April 2006 Issue Number 4

Issue Number 4 April 2006 Safeguarding the welfare, interests and memory of those who have served in the armed forces. A Registered Charity. Charity No Riders, So here we are in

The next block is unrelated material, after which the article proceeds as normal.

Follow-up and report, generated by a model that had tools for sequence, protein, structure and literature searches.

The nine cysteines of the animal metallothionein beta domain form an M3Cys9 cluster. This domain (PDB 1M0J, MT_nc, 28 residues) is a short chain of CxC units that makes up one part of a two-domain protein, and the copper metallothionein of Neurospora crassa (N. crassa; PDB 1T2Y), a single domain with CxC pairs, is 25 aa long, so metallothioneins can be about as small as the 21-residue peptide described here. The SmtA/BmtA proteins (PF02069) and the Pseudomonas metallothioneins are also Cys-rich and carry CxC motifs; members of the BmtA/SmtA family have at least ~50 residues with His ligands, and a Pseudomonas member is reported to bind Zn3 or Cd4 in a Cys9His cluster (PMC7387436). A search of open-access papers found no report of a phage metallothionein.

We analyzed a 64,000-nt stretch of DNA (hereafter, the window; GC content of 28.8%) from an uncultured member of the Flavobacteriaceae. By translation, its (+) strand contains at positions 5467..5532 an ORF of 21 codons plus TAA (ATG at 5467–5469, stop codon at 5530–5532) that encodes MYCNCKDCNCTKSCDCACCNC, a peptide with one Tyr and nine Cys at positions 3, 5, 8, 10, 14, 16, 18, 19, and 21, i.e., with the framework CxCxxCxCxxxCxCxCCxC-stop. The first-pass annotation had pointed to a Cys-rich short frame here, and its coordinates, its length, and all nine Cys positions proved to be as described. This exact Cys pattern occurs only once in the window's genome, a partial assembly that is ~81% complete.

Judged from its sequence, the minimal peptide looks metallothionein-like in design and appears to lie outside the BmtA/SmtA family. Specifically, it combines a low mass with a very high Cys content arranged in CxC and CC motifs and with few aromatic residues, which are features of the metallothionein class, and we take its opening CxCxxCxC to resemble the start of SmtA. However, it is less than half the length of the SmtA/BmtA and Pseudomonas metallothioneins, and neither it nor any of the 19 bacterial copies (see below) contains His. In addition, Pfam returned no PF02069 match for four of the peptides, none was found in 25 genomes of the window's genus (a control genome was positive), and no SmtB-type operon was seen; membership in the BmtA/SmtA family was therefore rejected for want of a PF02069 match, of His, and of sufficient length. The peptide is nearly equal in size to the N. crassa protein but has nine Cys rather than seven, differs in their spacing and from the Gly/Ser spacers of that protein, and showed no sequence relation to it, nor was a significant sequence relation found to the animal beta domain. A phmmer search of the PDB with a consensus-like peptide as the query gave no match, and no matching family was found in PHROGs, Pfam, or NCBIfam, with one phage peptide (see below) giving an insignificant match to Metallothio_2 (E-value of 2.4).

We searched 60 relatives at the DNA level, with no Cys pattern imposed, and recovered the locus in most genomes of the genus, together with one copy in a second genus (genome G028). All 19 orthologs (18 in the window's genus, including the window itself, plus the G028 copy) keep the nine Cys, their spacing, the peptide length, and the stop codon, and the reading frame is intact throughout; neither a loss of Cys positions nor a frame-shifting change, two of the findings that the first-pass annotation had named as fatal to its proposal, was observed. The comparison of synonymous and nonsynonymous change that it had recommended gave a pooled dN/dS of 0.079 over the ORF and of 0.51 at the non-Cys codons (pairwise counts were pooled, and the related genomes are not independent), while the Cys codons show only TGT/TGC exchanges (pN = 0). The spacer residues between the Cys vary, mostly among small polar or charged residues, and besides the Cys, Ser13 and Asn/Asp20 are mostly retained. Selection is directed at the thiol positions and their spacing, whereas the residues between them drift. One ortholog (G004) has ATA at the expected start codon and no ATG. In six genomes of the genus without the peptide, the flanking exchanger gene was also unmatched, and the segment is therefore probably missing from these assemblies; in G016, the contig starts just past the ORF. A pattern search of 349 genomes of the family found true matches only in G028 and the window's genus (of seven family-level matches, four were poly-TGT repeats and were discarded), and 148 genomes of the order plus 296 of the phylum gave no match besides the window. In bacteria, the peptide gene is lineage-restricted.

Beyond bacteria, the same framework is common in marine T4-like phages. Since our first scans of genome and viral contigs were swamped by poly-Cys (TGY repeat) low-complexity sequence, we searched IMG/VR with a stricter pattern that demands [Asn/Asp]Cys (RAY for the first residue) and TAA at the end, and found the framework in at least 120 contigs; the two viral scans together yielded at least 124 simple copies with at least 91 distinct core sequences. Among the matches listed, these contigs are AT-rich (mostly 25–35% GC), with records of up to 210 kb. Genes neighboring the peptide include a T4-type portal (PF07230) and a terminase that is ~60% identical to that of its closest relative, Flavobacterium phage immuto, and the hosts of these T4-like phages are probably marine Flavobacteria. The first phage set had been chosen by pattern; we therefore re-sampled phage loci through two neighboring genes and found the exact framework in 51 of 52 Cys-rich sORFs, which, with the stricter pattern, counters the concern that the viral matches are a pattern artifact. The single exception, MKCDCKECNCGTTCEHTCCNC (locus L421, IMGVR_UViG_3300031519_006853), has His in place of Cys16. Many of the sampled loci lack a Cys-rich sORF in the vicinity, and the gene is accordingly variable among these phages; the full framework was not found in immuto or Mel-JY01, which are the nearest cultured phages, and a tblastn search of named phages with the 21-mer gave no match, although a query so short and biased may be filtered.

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Issue Number 4 April 2006 Safeguarding the welfare, interests and memory of those who have served in the armed forces. A Registered Charity. Charity No Riders, So here we are in April already, still cold enough to freeze your proverbials and not a drop of rain in sight. I expect like the rest of the country nothing much has happened too you over the last couple of months and unless you are foolish like the management you have kept to your four wheeled chariots and not braved the elements. Well, maybe not all of you but how many can truly say hand on heart that they ride all year round or in Tony s case stay on all year round? Start of our second year and by the time you get this we have had our fi rst committee meeting in Swanage, in deepest darkest Dorset. A good number of you turned up for some beers in the evening and the results of that are somewhere within these pages. The Branch Offi cers went to Leeds for a Branch Management Course during early February and we can now pretend that we know what we are talking about, and yes it will probably be the same BS but in a more condescending manner! The Branch Standard arrived at the end of March and we are in the process of arranging its dedication service prior to its use. Thanks to all those who donated their readies towards its purchase. Lots to do this year kicking off with the South West Custom at the end of April and then to Great Yarmouth in May to remember Andy Simmons and all those little trips in between that you are all arranging. Membership to date 191 and growing! And then somewhere down the line is our trip to France/Belgium; look at the dates if you can get the time off, stick your name down, it ll be a gas but remember always ensure that you ask permission of an adult before signing up for anything! Ride Safe, Rubber Side Down Paul, Chairman RBLR Chairman Paul Pollard Vice Chairman Graham Barber Secretary Pete Bradley Treasurer Andrew Jackson Welfare Offi cer Kate Williams (offi ce) (mobile) PR Dave Bowen Committee Ross Yeaman - Stewart Waterson Bob Anderson - Roy Lodge Andrew Webb Events & Newsletter Tony Carr Chairman's Foreword Contacts I had a race with a Harley today... Postal Address for all Branch Offi cers and Committee Members: The Royal British Legion Riders (BR 3542) RBL Village Kent County HQ Aylesford, Kent ME20 7NY RBL Contact Details Legionline (call charged at local rates) Disablement Pension Claims Compensation Claims Disability Section Careers Advice (Freephone) Not been on a ride out for a while? Pick the phone up, talk to other members in your area, and arrange something; Bike shop, Coast Run, Rally, Cafe - Just Do it I raced a Harley today and after some really hard riding I managed to PASS the guy. I was riding on one of those really, really twisting sections of Purbeck road with no straight sections to speak of and where most of the bends have warning signs that say 15 MPH. I kn new if I was going to pass one of those monsters with those big g-v-twin motors, it would have to be a place like this where handling and rider skill are more important than BHP alone. I saw the guy up ahead as I exited one of the turns and knew I could ca atch him, but it wouldn t be easy. I concentrated on my braking and cornering. Three corners later, I was on his tail. Catching him was one thing; passing him would prove to be another. Two corners later, I pulled up next to him as we sailed down a long do ownhill. I think he was shocked to see me next to him, as I nearly got by him before he could recover. Next corner, same thingut g. I d manage to pu ull up next to him as we started to enter the corners bupower when we came ou ut he d get on the throttle and outpower me. His horsep was almost too o much to overcome, but this only made me more determined than ever. My only hope was to outbrake him. I held off squeezing the lever until the last instant. I kept my nerve while he lost his. In an instant I was by him. Corner after corner, I could hear the roar of his engine as he struggled to keep up. Three more miles to go before the road straightens out and he would pass me for good. But now I was in the lead and he would no longer hold me back. I stretched out my lead and by the time we reached the bottom of the canyon, he was more than a full corner behind. I could no longer see him in my rear-view mirror. Once the road did straighten out, it seemed like it took miles before he passed me, but it was probably just a few hundred yards. I was no match for that kind of horsepower, but it was done. In the tightest section of road, where bravery and skill count for more than horsepower and deep pockets, I had passed him. though it was not easy, I had won the race to the bottom of the valley and I had preserved the proud tradition of one of the best bits of brit iron. I will always remember that moment. I don t think I ve ever pedaled so hard in my life. And some of the credit must go to Raleigh cycles, as well. They really make a great bicycle... A Motorcycle Combination. Retirement eventually comes to us all, that is those of us who survive the risks that life throws at us. No one gets to retirement age without losing a few friends and loved relative s en-route. The knocks and bumps of life fi ll our minds with memories, and it is in retirement you get the time to look back over happier times, and if you are lucky, some money to be able to do something about it. In my case, the story starts back in the mid-1970s when I was serving in the RAF at Valley, on Anglesey. I was virtually given 90% of a 1961 Panther 650cc M120. Now is the time to mention that I am a great one for re-cycling. That simply means I seem to be able to fi x almost anything with an engine in it. I have also always had a motorcycle of one sort or another since 1962, and the P&M Panther was a real challenge. I re-built it and fi tted it with a BSA single seater sidecar and chassis. My wife, son and I had a great time with it, attending rally s, show, meetings, going on runs, and using it to commute to and from work at Valley. There I worked on Hawk trainer aircraft, and my son would sometimes accompany me, being very keen on aircraft and motorcycles, like myself. He has been dead now for eleven years, killed by a speeding motorist who was doing 55mph in a 40mph limit. They never stopped, so no one was ever prosecuted. Only his left arm was not broken, he became a donor for fi ve people whose lives he saved. Do not let anyone ever tell you time heals such wounds. But he certainly loved that old Panther; he is the one by my left shoulder in the photo, then 7 years old. Like I said, the knocks and bumps of life are never kind. Very few people will think of the little family man of the 1940s, 50s and early 60s, and how he managed to get to and from work and transport the family. The family motorcycle combination is still a bit of a Cinderella in the classic bike world, and I think this is just grossly unfair. Many, many big singles, both side valve and over head valve, and later the parallel twin bikes found themselves hitched up to a single seat side-car at fi rst; and as the family grew, so a child/adult chair would be attached. Today, names like Busmar, Squire, Watsonian, and Steib are rarely heard, where as Bonneville, Trophy and Bullet roll off the tongue. Lots of names are given to the motorcycle and sidecar, such as combination, chair, outfi t, and combo. So where are all those thousands of motorcycle combinations of yesteryear? There was a time every street had any number being ridden. So popular was this cheap form of transport in the 1950s that the Practical Motorists & Motor Cyclist, edited by F.J. Camm, in the September 1956 issue ran a series of articles on how to build your very own child/adult side car. The October and November issues covered completing it and fi tting it to a bike. There were so many combinations on our roads then, chugging about, powered by Panther Model 100, Ariel VB, BSA WM21, and Norton 19S that the exchequer charged extra duty on the road tax if a chair was fi tted. But so safe was the combination in mature hands of the family man, that the insurance charged then was between 40 to 50% less than a solo. The ideal bike to power a combo is one that has good torque at low revs; one that can slog on unworried, and is reliable and strong. A lightly built, fast, large engined sports machine would be hopeless. The attraction of the outfi t for the family man was its cheapness, ease of maintenance and economy in running. This icon of the mid-twentieth century workingman is now a very rare sight. He might be a fi tter, or a turner, miner, mechanic, toolmaker, toolsetter, pattern maker or similar; either way he would probably be a time-served apprentice in his chosen trade. This would mean he had a good grounding in engineering, so maintaining his steed would be second nature. The top-speed of a combo was a good 20% lower than the equivalent solo machine, and one could carry up to four people. You have to drive a combo, not ride it as a motorcycle. A gallon of petrol would last or even 70 miles, when small family cars could only manage Annual road tax was half that of a car. The speeds of 40-50mph seem slow now, but in those days cars were no faster; commercial vehicles and heavy lorries were then limited to 40mph anyway. Few could afford the superbike combinations of the day, some costing more than a small car. Such machines as Ariel s square four, or an HRD Vincent with a chair, were just dreams. Mr. Average owned functional transport. The gearing of a motorcycle combination normally has to be lowered, usually by fi tting a smaller engine sprocket, to enable it to cope with the extra drag and weight. Some manufacturers even offered stronger fork springs to cope. The sidecar wheel had to lead the rear wheel by a few inches, so the bike could steer round it. Tyres with a much fl atter profi le were fi tted, as the bike no longer had to lean over on bends. The riding technique was special, and had to be mastered quickly. Any one who has driven a combination will know how easy it is to lift the side car wheel off the ground on left hand bends, and even turn it all over. Righthanders are a pleasure, as the chair supports the bike. But even here you must not get over-confi dent, too fast and the bikes rear wheel lifts with devastating results. And therein lies a tale, and maybe the reason why the motorcycle combination seems to be held in less awe than the shiny sporting machines. That is quite simply, their road performance. A 500cc combination could cruise at around 45-50mph at the most, with perhaps the later 650cc models touching 55-60mph. How ever, the social historical value of the combination in the story of the motorcycle far outweighs any contribution to society, than that of the sports bike. Thousands of families went to the seaside on days out, on holidays, visiting relatives, to family weddings and funerals, went shopping, commuted to and from work, in their motorbike and sidecar. Millions of miles were travelled by family men huddled up in a thick water-proof coat, peaked helmet or fl at-cap on back-to-front, goggles, and huge gauntlets; all doing their best to get as many miles per gallon as possible. The majority would do their own servicing and repairs, and know the machine like the back of their own hands. So what killed off this unique form of transport? We simply became too well off. As incomes grew and small cars became cheaper, so families moved up to four wheels, a roof and a heater, (though this was often an extra ). The real nail in the coffi n was the arrival in 1959 of the BMC Mini at just over 400. Where once millions knew how to set up the sidecar toe-in, and machine lean-out, what a swan-neck was; today few will even know what those terms mean. The sidecar wheel has to toe-in to the bike s wheels, just as rear-wheel driven cars have toe-in on their steered wheels, and for the same reason; otherwise the sidecar would drag the outfi t to the nearside all the time. A swan-neck is the stout steel tube on the front mounting, bent at right angles. The bike has to lean out slightly when the outfi t is stationary with no one on it. This is to permit the sidecar suspension to sink when weight is applied, such as a passenger. I sold my Panther 120 back in 1983,moving myself up to a family car. I have now 3 A Motorcycle Combination. (cont) The photos show the results of my labour. The fi rst time I took it out, it attracted quite a crowd, and that was in late January The sidecar spent its formative years on the Isle of Wight, being purchased by a chap who then took ten years to restore it, never used it, leaving it in a shed for another ten years. Then I purchased it in It was very moving building the combination up, as it brought back happy memories of those years on Anglesey, and my son. The fi rst time I took it out, and the memories came fl ooding back, I had to stop to dry the tears, as I could not see out of the Mk9 Goggles. But I was very happy and pleased with it. Then the dynamo packed up; but that is quite normal on anything so ancient, and something else to fi x. Neil Cairns. obtained a 1950s child/adult Watsonian sidecar, along with its frame, and am busy attaching it to my cc AJS 18S. I feel that it is only right that people should be aware of what our forefathers did and why. I have taken the route of producing just what was about in the 1950s, with both a classic motorcycle and a classic sidecar. You might not want to take this route, as one can buy a shiny new combination off the peg so to speak. But today they are no longer cheap. Watsonian-Squire offer the Indian Royal Enfi eld Bullet attached to a selection of beautiful chairs. Then in 2004 the second reason for building a combination arrived. Whilst out on my bicycle, a lady driver in her little blue Vauxhall Corsa took no notice of my refl ective coat, my white cycling helmet, or the fact I was cycling along a clear main road. She shot out of a side road, smashing into me at about 25mph. She had tried to beat the traffi c lights under a railway bridge, and roared across the boxed junction as I cycled across it. I had a smashed hip, broken femur, broken ribs, a huge hole in my back and my glasses rammed into my right eye. My cycling helmet saved me from serious head injury; I still have it with its fl attened side. The end result is I now have a 20% functional disability, and cannot swing my right leg up over a saddle, and supporting a solo motorcycle will eventually be impossible. You cannot fall off a combination. Once my contribution to social history, my AJS motorcycle and sidecar takes to the road again, I will have get ready for all those lay-enthusiasts who will ask many questions, and explain to a younger generation to whom such a contraption is alien, what it is all about. To be specifi c about mounting the standard Watsonian sidecar frame onto the 53 AJS s frame, only one problem arose. Being an early version of the AMC sprung frame, there is no threaded lug on the rear frame for the ball-joint to screw into. So I had to adapt the 1953 AJS s lower nearside frame rail, under the gearbox, to take the mount via a clamp. AMC in the following year s model of the 18S and G80, in 1954, did fi t this threaded lug on the frame! My 18S has very little chrome work fi tted, as it was built during the nickel shortage of Therefore the wheel rims are stove enamelled an aluminium colour, called Argenized by the factory. I used the AJS&MOC web site forum pages to get advice from other 18S owners who had sidecars fi tted, as well as obtaining the necessary 18-tooth engine sprocket, to replace the standard 21-tooth item. The AJS 18S is a single cylinder 500cc-touring bike, built from It is based on the 350cc AJS 16M, itself based on a cc Matchless model G3. The G3 became famous as the bike to ride in WW2 as the WD G3L, rider by lots of Don-R s (army motorcyclist messengers.) Two Avon Sidecar Triple Duty tyres came from Armours, and material and studs for the chair s sunroof from Woollies. The child/ adult chair itself came from an enthusiast who had halfrestored it; I completed the fi ddly bits and fi tted the interior. 4 Marine Corps General interview: FEMALE INTERVIEWER: So, General Reinwald, what things are you going to teach these young boys when they visit your base? GENERAL REINWALD: We re going to teach them climbing, canoeing, archery, and shooting. FEMALE INTERVIEWER: Shooting! That s a bit irresponsible, isn t it? GENERAL REINWALD: I don t see why, they ll be properly supervised on the rifl e range. FEMALE INTERVIEWER: Don t you admit that this is a terribly dangerous activity to be teaching children? GENERAL REINWALD: I don t see how. We will be teaching them proper rifl e discipline before they even touch a fi rearm. FEMALE INTERVIEWER: But you re equipping them to become violent killers. GENERAL REINWALD: Well, Ma am, you re equipped to be a prostitute, but you re not one.., are you? The radio went silent and the interview ended. Disclaimer The Royal British Legion Rider's Branch (RBLR) Newsletter (Legion Rider) accepts for publication articles and letters written in good faith; however, the views expressed in articles and letters which are published are not necessarily those of the editor of the newsletter or those of the RBLR or its offi cers or members. This newsletter is published for and on behalf of the RBLR. 2006 Summer Party details... Don't Drink & Ride - it's tricky not spilling any... Seriously, its not worth it - No Licence =No Fun! Riders, what can you offer to your Branch? Do you own your own business? Do you have contacts able to provide the Branch with a service? Do you know anyone who owns a Pub with a fi eld? Do you own a Pub with a fi eld? Are you in the Motorcycle Repair Business? Do you work or run a printing company? Do you own or run a Hotel/B&B or Campsite? If the answer to any of those questions are YES and there are many more, then we need to hear from you. Call us NOW (Paul) (Pete) or us at: or We will be joining in with the boys and girls of the Scrumpies over the weekend of the 5th & 6th of August. It will be a camping weekend, the site is an excellent venue, with good camping facilities and a purpose built (indoor) western style bar and stage area with live bands. There will be full toilet and wash facilities and hot food vendors for the weekend. There is a web site to get the details from (Don t be put off that it is a country Kids park as well as a country and western venue) the weekend we are there it s just us and the Scrumpies facilities.htm Charges for the weekend are just 5 (per person) payable on arrival, then you just need camping kit, and lots of money... The address for the venue is: Court Farm Country Park Wolvershill Road Banwell Nr Weston-super-Mare Somerset BS29 6DL Remember, we are doing this for branch members to be able to get together and meet each other (some for the fi rst time) and enjoy a good social gathering. So there you go, all that needs to happen now, is for you to tell us your going to be there, and then for you to tip up! Please let us know if you can attend at either or , so we can give the numbers over to the Scrumpies ASP, Your support is appreciated. Pete Ladies & Gentlemen Please remember to let us know of any changes of address, Phone numbers or - you'd hate to miss out on a great newsletter like this... 5 What do you ride? A quick guide to the types of Motorcycles available out there. New riders are often unaware that there are many types of motorcycles. These motorcycle types or styles have evolved from the standard motorcycle. No one can tell you what motorcycle type is best for you. That s part of the fun, sitting on bikes and looking at specs to determine what type fi ts you. The odds are, you will go through most of the types during your riding career. That s just the way it is. What suits you as a